- Mission Driven: Generating social value—not wealth—is the central criterion of a successful social entrepreneur. While wealth creation may be part of the process, it is not an end in itself. Promoting systemic social change is the real objective.
- Strategic: Like business entrepreneurs, social entrepreneurs see and act upon what others miss: opportunities to improve systems, create solutions and invent new approaches that create social value. And like the best business entrepreneurs, social entrepreneurs are intensely focused and hard-driving-even relentless-in their pursuit of a social vision.
- Resourceful: Because social entrepreneurs operate within a social context rather than the business world, they have limited access to capital and traditional market support systems. As a result, social entrepreneurs must be exceptionally skilled at mustering and mobilizing human, financial and political resources.
- Results Oriented: Ultimately, social entrepreneurs are driven to produce measurable returns. These results transform existing realities, open up new pathways for the marginalized and disadvantaged, and unlock society’s potential to effect social change.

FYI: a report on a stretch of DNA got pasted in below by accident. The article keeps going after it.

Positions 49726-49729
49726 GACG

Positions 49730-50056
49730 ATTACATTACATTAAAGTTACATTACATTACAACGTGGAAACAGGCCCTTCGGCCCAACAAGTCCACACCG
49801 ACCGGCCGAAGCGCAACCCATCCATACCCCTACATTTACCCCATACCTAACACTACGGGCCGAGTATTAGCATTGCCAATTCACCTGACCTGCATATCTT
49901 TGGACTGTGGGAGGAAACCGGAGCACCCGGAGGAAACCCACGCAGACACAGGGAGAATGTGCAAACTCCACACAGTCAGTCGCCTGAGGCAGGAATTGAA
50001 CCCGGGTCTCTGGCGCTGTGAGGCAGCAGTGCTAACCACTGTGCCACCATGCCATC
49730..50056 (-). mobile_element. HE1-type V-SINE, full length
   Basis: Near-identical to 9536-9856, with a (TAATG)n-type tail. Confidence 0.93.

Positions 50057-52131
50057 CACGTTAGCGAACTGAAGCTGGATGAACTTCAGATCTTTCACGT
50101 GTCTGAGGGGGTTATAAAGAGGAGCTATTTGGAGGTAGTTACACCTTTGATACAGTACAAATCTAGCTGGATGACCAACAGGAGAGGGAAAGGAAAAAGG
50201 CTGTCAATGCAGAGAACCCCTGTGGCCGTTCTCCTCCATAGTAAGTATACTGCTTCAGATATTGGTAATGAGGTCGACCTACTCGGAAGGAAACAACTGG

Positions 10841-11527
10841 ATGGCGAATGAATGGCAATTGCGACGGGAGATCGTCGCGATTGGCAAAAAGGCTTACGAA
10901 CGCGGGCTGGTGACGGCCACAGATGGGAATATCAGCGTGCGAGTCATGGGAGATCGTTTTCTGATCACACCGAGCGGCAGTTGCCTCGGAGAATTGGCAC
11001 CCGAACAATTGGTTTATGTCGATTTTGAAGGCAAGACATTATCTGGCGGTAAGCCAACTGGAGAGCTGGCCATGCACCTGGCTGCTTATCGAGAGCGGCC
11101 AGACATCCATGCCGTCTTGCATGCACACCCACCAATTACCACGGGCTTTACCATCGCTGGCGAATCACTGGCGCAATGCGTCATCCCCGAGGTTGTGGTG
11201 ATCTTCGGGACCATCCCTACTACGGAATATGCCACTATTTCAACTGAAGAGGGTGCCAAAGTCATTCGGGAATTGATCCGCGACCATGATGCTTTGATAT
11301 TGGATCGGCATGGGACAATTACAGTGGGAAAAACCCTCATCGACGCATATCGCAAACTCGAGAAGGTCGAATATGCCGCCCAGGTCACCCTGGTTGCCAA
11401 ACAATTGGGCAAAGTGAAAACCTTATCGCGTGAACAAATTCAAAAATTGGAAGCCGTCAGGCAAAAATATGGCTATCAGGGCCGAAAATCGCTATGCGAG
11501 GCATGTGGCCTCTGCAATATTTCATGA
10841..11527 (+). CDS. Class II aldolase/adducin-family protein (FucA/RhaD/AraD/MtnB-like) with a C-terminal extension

Today, social entrepreneurs are working in many countries to create avenues for independence and opportunity for those who otherwise would be locked into lives without hope. They range from Jim Fruchterman of Benetech, who uses technology to address pressing social problems such as the reporting of human rights violations, to John Wood of Room to Read, who helps underprivileged children gain control of their lives through literacy. They include Marie Teresa Leal, whose sewing cooperative in Brazil respects the environment and fair labor practices, and Inderjit Khurana, who teaches homeless children in India at the train stations where they beg from passengers.
Whether they are working on a local or international scale, social entrepreneurs share a commitment to pioneering innovation that reshape society and benefit humanity. Quite simply, they are solution-minded pragmatists who are not afraid to tackle some of the world’s biggest problems.
Background on Social Entrepreneurship